London Marathon 2020: Organisers ‘closely monitoring’ coronavirus spread as disease wreaks havoc on sporting fixtures – The Sun

LONDON MARATHON 2020 organisers are "closely monitoring" the coronavirus spread as the disease wreaks havoc on sporting fixtures.

The running event is due to take place Sunday, April 26 in the capital.

But it comes as there have been 20 confirmed cases of the deadly virus in the UK.

In a statement to Runners World, Hugh Brasher, Event Director at London Marathon Events, said: “We, along with the rest of the world, are monitoring closely the developments relating to the spread of coronavirus and noting the updates and advice given by the UK Government, the World Health Organisation and other public bodies.

“With two months to go before the event on Sunday 26 April, we will continue to monitor the situation.”

A patient diagnosed with coronavirus in England has become the first to catch the illness within the UK.

The news comes after a British man became the first UK citizen to die from coronavirus.

The man, who was on board the Diamond Princess cruise ship was the sixth person from the vessel, which has been quarantined off the Japan's coast amid the outbreak, to have died.

DEADLY SPREAD: Coronavirus cases in the UK

ANOTHER two cases of coronavirus have been confirmed in the UK – barely a month since the deadly bug first reached our shores.

The first cases were diagnosed on January 31 when a student and relative were tested positive in York.

The victims were quarantined in Newcastle as UK authorities vowed they would control the virus' spread.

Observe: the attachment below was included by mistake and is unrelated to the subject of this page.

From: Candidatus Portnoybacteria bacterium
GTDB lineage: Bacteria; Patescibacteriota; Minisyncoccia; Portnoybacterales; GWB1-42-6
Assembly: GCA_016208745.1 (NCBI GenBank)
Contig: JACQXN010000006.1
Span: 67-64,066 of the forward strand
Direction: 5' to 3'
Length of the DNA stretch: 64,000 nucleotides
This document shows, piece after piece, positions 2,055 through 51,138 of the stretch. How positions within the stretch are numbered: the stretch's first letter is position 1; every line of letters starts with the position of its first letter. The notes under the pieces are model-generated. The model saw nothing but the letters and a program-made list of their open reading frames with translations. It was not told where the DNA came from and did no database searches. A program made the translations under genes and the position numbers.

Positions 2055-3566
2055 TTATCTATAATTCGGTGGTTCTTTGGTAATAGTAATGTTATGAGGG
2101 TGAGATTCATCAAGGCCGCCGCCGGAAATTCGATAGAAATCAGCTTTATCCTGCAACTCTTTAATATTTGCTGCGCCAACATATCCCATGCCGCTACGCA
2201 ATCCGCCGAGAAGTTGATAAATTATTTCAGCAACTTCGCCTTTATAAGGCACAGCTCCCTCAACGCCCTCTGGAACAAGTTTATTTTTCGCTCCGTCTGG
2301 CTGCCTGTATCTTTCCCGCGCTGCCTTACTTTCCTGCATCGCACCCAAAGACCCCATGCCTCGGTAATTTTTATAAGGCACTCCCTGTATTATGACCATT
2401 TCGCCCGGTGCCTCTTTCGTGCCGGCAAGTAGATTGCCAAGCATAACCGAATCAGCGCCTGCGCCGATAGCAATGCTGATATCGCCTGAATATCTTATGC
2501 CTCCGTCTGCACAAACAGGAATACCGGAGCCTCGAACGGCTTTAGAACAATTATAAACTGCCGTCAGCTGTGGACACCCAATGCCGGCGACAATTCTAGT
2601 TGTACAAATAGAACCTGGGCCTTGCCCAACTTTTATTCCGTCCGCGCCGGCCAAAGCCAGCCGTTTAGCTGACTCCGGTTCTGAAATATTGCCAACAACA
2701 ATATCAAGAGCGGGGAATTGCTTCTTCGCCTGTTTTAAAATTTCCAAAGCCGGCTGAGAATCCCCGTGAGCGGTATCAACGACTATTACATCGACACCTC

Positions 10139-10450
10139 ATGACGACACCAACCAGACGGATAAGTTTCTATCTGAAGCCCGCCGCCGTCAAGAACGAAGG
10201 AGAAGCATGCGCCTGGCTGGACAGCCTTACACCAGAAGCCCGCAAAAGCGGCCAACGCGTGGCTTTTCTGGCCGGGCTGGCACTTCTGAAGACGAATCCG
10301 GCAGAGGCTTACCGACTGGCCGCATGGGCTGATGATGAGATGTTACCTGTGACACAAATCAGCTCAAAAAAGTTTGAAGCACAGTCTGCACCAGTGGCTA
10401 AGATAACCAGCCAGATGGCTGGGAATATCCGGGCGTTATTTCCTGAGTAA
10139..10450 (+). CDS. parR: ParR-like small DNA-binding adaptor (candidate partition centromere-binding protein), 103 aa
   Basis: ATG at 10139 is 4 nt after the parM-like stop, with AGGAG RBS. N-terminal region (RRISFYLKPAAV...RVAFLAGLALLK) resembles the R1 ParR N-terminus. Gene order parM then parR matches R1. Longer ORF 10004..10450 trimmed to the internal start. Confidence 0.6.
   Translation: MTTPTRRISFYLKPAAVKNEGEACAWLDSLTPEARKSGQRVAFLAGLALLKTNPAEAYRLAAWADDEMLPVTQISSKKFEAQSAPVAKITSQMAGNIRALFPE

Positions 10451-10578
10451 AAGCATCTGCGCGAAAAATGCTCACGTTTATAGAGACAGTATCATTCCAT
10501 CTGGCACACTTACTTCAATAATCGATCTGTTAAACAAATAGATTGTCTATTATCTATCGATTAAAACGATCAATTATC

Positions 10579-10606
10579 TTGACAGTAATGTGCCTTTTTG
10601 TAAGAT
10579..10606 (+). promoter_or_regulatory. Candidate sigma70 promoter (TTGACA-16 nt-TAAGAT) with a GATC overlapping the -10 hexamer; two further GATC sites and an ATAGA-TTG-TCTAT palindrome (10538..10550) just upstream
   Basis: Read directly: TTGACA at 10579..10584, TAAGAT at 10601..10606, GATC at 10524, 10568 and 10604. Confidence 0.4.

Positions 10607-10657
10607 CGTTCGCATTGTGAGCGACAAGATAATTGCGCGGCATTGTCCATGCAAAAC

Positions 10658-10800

However, by February 6 another patient was diagnosed with coronavirus.

The Brit – businessman Steve Walsh – contracted the bug in Singapore before travelling to the French Alps for a holiday before returning to his home in Hove, East Sussex.

He became known as a superspreader by unwittingly infecting a number of other Brits in France with him.

Mr Walsh, who since recovered, then infected another five people who were treated in the UK.

By February, another patient was taken to Guy's and St Thomas' after contracting coronavirus in China – bringing the total to nine.

Another four cases were recorded just a week later after being flown back to the UK from the plague cruise ship, the Diamond Princess.

The group had been quarantined in Arrowe Park but were quickly moved to a treatment centre.

And yesterday, Chief Medical Officer Professor Chris Whitty confirmed another two patients had tested positive.

The virus was passed on in Italy and Tenerife and the patients have been transferred to specialist NHS infection centres in Royal Liverpool Hospital and the Royal Free Hospital, London.


There is a growing threat the illness could wreck sporting events around the globe as health chiefs battle to contain the spread of the disease.

The Premier League may be forced to hold emergency crisis talks to decide whether Liverpool can be crowned champions if coronavirus wipes out the end of the season.

If worst-case scenario safety measures were imposed it is thought they could stay in place for as long as two months leaving the Premier League unable to complete the season.

WWE already confirmed they are prepared to cancel their marquee WrestleMania event held in Tampa, Florida on April 5.

Formula One races, including Grands Prix in Australia, Vietnam, Bahrain and China, are already at risk.

Even the Olympic Games – set to be held in Tokyo, Japan, this summer – could be cancelled due to the deadly illness.

This summer's Euro 2020 tournament, hosted across the entire continent, is also in jeopardy.

And Fifa President Gianni Infantino says the world governing body could step in to cancel next month’s England international friendlies because of the coronavirus.

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